Please see the last blog to start at the beginning.
“They are now. My inheritance.” He flashed her a cheeky grin and went to inspect the, well, troops seemed appropriate. The smallest girl, about three years old, he swung up in his arms, to her great delight and loud giggles.
Charles and a footman entered with trays of hot chocolate and biscuits. Angelica perceived that this ritual took place regularly. In moments the children, who looked to range from age fifteen down to the three-year-old, were seated happily on the rug near the fire.
“Grandfather Harrington collected waifs and orphans, Angie.” Jeremy handed her a cup of chocolate and led her to one of two wing chairs framing the huge fireplace. “His will says that he missed the laughter of children once we grew up and left. Some of his earliest acquisitions have also grown up and moved on to productive lives. These are the ones left to me.”
“Eight children!” Angelica drew back from the small boy who sought to touch her fur-trimmed hat. “I had no idea!’
Jeremy scooped up the boy and stood over her. His gaze, when Angelica looked up at him, had turned hard. She stared back, unsure if she could explain. A minuscule crack of pain wrenched through her deadened heart.
“Children, Nathan will read your story tonight. Mrs. Finch and I must discuss a business matter.”
The children let him know they were not happy, but Jeremy soothed them and pulled Angelica to her feet. She barely set the cup of chocolate down before he strode out of the room and down the hall, pulling her like a toy behind him. By the time they reached the library, she could not catch her breath.
“What is the problem?” he snapped, shutting the door.
No fire had been laid in this room, and Angelica shivered. “I didn’t know! If you had explained in your note about the children, I could have told you.”
“Told me what, for God’s sake?” Jeremy’s expression told her he thought her insane. “You were a mother, you should know how to deal with children!”
The crack widened. She bit her lip, refusing the release of tears. “I lost my child,” she whispered. “The pain almost destroyed me. How can I risk that again? And eight times!”
“Ten,” he told her, his voice gentling. “There are two infants upstairs.”
“Oh, Jeremy!” She placed a hand over her heart, trying to stop the emotions that sought to break free. A sob caught in her throat.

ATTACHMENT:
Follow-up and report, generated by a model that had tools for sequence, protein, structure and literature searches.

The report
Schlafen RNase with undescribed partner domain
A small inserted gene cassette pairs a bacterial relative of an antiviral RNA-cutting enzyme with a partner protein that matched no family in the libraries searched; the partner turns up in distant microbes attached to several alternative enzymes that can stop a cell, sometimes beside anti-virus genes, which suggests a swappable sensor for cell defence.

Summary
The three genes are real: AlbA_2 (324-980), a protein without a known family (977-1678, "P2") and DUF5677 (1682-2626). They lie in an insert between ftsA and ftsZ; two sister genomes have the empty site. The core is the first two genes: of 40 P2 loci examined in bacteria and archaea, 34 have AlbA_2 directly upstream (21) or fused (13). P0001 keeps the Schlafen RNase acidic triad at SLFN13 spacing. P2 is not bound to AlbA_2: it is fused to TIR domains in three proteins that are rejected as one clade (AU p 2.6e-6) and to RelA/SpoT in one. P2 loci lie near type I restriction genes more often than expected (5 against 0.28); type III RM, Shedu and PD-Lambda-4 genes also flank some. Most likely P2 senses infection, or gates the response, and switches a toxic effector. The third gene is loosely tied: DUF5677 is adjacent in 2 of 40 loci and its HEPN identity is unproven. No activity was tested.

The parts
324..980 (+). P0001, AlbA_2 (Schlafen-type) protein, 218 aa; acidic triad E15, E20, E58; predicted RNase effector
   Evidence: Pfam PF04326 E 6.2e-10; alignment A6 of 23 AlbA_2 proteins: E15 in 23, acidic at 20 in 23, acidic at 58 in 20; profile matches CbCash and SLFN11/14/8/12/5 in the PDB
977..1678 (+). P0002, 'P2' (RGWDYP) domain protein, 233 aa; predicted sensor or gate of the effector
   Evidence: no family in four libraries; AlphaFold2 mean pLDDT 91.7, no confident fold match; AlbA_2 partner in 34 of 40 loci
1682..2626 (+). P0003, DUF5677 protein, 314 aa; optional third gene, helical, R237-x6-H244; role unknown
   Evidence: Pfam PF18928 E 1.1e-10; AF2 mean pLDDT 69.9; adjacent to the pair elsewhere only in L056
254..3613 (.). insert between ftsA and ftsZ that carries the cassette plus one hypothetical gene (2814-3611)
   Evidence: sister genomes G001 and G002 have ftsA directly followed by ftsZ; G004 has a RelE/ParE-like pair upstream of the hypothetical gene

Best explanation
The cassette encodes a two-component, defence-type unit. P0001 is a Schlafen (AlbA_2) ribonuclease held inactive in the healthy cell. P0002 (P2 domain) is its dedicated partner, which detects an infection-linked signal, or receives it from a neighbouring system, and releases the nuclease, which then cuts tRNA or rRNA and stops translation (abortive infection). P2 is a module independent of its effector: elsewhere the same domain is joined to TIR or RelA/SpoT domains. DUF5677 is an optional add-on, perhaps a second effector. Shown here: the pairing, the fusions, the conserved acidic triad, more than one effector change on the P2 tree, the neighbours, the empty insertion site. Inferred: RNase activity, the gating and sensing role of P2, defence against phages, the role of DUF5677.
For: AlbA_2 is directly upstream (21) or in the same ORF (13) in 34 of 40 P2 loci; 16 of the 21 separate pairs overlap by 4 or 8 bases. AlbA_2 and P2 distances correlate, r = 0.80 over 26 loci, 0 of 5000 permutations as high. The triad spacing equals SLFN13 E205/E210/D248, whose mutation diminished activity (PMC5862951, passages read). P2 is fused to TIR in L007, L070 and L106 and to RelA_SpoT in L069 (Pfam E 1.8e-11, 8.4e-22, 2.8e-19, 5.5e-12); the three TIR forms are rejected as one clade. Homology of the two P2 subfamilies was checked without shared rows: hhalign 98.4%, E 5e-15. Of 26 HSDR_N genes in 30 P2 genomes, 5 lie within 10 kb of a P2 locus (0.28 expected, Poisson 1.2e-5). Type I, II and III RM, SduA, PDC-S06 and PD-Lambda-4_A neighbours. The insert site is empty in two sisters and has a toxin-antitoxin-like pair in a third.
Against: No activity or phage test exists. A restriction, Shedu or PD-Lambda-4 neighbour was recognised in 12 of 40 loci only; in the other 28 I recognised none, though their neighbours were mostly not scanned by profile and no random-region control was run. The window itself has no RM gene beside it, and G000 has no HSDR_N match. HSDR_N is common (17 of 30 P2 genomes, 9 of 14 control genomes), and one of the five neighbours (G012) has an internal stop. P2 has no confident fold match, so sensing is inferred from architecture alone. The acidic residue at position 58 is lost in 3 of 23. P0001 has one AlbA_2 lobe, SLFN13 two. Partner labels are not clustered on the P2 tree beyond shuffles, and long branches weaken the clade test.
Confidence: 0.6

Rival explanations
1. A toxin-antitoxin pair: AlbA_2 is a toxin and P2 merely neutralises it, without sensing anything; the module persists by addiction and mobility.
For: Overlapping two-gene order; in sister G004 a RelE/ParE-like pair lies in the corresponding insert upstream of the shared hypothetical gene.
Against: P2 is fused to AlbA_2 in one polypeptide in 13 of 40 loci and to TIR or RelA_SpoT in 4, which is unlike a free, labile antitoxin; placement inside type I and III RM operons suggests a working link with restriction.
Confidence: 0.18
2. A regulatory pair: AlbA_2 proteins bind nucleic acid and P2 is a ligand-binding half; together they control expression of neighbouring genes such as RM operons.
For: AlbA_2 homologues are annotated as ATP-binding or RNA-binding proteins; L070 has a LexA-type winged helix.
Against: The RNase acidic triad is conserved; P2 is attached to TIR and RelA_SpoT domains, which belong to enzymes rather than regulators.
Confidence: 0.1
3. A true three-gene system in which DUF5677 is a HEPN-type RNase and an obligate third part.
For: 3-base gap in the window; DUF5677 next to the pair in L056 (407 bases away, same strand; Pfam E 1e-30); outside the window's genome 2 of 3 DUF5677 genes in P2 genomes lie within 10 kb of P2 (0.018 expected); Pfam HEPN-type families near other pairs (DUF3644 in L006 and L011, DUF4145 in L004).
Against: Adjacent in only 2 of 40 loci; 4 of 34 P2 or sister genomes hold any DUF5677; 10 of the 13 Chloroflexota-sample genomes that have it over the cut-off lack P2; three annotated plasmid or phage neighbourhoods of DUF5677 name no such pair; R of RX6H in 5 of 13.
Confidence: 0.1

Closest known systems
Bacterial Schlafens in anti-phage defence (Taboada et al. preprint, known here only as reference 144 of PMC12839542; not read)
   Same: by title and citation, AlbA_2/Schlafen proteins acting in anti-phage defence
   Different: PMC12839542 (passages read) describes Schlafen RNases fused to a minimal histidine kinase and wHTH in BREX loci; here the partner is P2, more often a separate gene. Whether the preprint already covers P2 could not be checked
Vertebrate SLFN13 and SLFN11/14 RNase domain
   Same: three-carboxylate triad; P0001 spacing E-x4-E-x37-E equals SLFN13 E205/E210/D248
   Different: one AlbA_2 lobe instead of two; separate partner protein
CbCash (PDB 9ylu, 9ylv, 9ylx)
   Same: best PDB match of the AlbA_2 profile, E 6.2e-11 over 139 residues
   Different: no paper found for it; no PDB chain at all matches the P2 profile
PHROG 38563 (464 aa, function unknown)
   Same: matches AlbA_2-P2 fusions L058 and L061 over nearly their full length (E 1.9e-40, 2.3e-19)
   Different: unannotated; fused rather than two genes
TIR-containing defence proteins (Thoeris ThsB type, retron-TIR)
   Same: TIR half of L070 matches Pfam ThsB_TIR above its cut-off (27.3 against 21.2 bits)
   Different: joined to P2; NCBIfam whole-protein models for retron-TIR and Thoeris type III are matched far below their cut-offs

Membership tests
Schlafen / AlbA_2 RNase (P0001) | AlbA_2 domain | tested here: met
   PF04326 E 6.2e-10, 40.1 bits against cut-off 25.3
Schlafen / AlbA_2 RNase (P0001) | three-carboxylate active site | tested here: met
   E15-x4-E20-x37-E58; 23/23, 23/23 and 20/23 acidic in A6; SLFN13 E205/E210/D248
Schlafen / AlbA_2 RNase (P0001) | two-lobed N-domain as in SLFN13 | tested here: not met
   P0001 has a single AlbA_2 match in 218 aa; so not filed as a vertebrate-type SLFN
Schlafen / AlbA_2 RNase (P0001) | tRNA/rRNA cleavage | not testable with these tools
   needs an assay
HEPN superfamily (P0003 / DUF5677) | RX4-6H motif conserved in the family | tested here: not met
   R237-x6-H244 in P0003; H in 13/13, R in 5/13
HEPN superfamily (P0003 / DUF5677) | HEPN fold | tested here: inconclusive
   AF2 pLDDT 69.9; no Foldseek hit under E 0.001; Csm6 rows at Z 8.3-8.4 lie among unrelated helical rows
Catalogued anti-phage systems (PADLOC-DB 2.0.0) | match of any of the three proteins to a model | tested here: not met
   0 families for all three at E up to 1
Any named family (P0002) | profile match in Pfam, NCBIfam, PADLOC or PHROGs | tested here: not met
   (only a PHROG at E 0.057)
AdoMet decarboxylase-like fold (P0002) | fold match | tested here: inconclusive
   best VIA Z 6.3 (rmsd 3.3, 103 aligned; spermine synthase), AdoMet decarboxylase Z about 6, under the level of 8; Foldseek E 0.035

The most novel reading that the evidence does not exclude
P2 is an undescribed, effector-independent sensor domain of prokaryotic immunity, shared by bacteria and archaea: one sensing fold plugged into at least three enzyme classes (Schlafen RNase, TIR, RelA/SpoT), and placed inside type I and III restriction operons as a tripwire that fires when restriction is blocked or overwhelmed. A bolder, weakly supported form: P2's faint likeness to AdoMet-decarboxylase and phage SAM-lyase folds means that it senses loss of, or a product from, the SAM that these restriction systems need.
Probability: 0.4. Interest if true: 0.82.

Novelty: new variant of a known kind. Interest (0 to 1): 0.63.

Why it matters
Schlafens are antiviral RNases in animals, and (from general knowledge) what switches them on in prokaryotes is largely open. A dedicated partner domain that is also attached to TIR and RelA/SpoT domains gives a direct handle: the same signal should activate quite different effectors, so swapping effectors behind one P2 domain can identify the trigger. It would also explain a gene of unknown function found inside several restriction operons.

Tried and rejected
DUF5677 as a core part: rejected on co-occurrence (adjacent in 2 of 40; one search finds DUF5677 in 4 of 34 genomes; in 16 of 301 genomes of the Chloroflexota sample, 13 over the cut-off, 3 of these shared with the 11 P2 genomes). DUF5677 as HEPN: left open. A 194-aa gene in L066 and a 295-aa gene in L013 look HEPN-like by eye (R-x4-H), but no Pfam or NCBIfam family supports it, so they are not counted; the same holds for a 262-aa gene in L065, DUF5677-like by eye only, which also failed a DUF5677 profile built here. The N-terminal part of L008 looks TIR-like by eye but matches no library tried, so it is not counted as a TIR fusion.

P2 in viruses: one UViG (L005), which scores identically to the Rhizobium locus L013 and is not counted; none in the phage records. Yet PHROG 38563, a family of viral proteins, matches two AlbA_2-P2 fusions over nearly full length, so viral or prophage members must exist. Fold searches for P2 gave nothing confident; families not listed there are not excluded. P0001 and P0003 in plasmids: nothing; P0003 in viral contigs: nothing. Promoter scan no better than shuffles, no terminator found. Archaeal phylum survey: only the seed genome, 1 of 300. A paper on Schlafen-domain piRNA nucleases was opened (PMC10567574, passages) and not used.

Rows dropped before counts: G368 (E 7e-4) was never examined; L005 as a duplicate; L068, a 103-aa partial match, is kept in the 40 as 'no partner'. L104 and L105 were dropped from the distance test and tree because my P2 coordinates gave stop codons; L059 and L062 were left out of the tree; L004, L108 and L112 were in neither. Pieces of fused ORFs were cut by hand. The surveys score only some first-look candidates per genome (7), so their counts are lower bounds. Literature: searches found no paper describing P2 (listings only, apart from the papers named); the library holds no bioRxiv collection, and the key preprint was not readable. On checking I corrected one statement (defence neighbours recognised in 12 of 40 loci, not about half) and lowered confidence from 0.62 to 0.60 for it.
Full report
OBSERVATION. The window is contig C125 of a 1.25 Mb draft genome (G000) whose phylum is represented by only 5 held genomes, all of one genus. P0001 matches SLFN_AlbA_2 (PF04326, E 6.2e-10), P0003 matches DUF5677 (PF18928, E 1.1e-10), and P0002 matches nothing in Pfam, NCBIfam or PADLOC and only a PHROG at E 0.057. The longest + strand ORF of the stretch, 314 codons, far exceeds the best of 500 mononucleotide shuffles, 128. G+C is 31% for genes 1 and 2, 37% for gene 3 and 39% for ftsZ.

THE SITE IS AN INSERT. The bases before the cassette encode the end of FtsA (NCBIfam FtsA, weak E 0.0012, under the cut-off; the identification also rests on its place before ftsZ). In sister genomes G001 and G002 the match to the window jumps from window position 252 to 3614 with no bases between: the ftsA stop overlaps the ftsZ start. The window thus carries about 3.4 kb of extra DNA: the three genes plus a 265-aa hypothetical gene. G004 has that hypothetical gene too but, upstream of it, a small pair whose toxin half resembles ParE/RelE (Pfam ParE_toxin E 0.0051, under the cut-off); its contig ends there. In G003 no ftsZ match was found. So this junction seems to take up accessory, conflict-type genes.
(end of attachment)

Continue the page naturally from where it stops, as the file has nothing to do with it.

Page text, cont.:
“I am sorry, Angie.” Jeremy placed his arms around her and drew her into the security of his embrace. “I never should have let you go.”
She pulled away, hitting his broad chest. “Let me go? You sent me away! You didn’t care– “
“Is that what you think? Well, you’re wrong. I had to send you away before you drove me mad! I cared too much.”
“Cared too much for your m-mistress, and your yacht!” She went to the desk and picked up a pen. Anything to keep her hands busy. “Stephen told me you paid him to marry me. I hated you then.”
Jeremy sighed, surprising her. He had moved close behind her. “Angelica, I wagered with Stephen that he could not get up the courage to ask for your hand. I knew I could goad him into doing so. I thought he would make you a good, gentle husband. I had so little prospects. I wanted to see you happy.”
She frowned, unable to look up at him. “But you were the heir. The next Earl of Harrington.”
“Yes, but Grandfather had told me how badly dipped our coffers were. I’ve worked since then to rebuild the fortune, and now I’ve succeeded.”
“Worked?” She turned and took his hand. Yes, she had felt a callus when he touched her cheek. She looked up, startled.
He gazed at her for a long moment before continuing. “Shipbuilding. I’ve just started my own yard in Bristol. I named the business `The Eastern Star.’ After that first yacht.”
n“I see.” She let go of his hand, and walked around him, walked around the room. “You need to go back to Bristol, and you hoped I would stay here as a nanny.”
Join me on Christmas Eve for the conclusion. Thanks for reading.